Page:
Dear Jude,

When you came back into my life in 1987, I had just gone to my first Pride Parade.  Maybe that opened the door to the gift of you.

Because there I was, coming out of the closet yet again as bi-sexual, terrified of the consequences of being out–I’d seen my mother’s closeted relationship destroyed by homophobia and had been gay bashed and sexually harassed.  So I was self-hating and ashamed…and just ignorant, the way only someone who had never fully entered the gay community could be ignorant.

And there you were, so butch that standing next to you outed me.  There you were, taking my hand gently in yours as we walked down the street in the 1980’s, so not afraid, so proud to love me.  It cracked me wide open, and if that wasn’t enough, when I said, “I’m too scared to hold your hand right now.”  You said, “Okay, just let me know when you’re ready.”

When I said, “I don’t know if I’m bi or lesbian,” you said, “Well, we know you’re not straight, and that’s good enough for me.”

The tide of gentleness coming in to hold my fear without judgment, without any demand or push that I be better, without complaint for how it must have made things harder for you…the funny thing is, it made me better.  In the truest way.  I am the queer daughter of a lesbian mother who hid what made her happy.  I have a stepmother that not one of my siblings would admit parented us.  You reached into that hurt place and told me I could be exactly who I was…and that let me look at you and see pride and what pride had to offer.

I came out to my classes, I came out at church, I spoke publicly, and that was the gift you gave me.  To stand up and claim myself and my part in our struggle.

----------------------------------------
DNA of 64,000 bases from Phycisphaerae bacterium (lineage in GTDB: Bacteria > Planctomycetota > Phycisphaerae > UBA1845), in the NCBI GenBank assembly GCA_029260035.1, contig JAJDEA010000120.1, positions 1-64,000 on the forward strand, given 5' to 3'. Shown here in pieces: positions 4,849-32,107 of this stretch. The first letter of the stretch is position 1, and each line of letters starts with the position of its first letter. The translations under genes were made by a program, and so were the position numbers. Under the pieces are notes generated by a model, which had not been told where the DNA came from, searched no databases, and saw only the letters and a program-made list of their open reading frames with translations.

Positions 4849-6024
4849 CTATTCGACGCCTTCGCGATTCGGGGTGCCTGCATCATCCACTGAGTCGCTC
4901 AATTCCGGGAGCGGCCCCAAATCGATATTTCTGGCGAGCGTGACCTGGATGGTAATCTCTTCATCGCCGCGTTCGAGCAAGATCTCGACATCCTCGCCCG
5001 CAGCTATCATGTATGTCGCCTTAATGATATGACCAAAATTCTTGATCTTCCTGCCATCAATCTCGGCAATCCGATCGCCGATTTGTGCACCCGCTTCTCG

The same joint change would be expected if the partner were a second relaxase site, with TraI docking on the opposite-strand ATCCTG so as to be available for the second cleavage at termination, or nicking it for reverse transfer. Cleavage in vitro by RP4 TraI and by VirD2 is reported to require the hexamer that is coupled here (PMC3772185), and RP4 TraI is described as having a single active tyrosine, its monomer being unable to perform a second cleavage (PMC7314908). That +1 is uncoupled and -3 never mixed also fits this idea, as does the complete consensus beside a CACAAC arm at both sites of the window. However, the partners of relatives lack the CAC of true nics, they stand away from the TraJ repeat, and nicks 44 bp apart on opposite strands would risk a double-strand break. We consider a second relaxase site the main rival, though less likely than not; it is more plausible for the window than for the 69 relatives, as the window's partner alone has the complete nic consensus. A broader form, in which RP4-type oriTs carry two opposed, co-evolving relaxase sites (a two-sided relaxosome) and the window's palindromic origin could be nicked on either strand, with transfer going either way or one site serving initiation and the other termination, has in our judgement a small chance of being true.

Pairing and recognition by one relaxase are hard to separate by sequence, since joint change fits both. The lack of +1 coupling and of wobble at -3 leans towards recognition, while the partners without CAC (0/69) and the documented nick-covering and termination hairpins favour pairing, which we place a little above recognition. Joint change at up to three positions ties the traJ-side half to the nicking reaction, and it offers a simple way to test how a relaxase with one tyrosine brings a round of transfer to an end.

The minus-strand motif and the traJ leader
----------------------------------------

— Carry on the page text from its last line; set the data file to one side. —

When we got married, you came over to hold me the night before, remember?  When we got married, you talked about the challenge of our then ten year relationship in front of all our friends, and how in spite of everything, we have always been able to laugh.

There is no unequal in loving you.  There is only how grateful I am for the way you give me back to myself…and the irritation at the very same thing (yes, I’m not going to stay all sweet much longer as you well know).

Today we are equal under the law.  You always seemed to know that we deserved it.  And so I unlearned my mother’s tragedy, and learned my own freedom.

If I could marry you again today, I would.  And tomorrow, and the next day, and then next.

Thank you for being my big-hearted, passive-aggressive, neurotic, gentle, out and proud renegade



And no, you can’t remind me I said this the next time we argue.

I love you madly,


Boyhood: A review of gender

Boyhood ImageMuch is being said about this movie.  Filmed over a 12 year period, with the intrinsic value of watching the actors grow up and/or age, ambitious as hell, and attempting to say so many things about coming of age, the meaning of life, love, abandonment, struggle.  People say when they leave the theatre that they feel that they’ve been allowed into the lives of the characters in a completely new way–as if they were friends.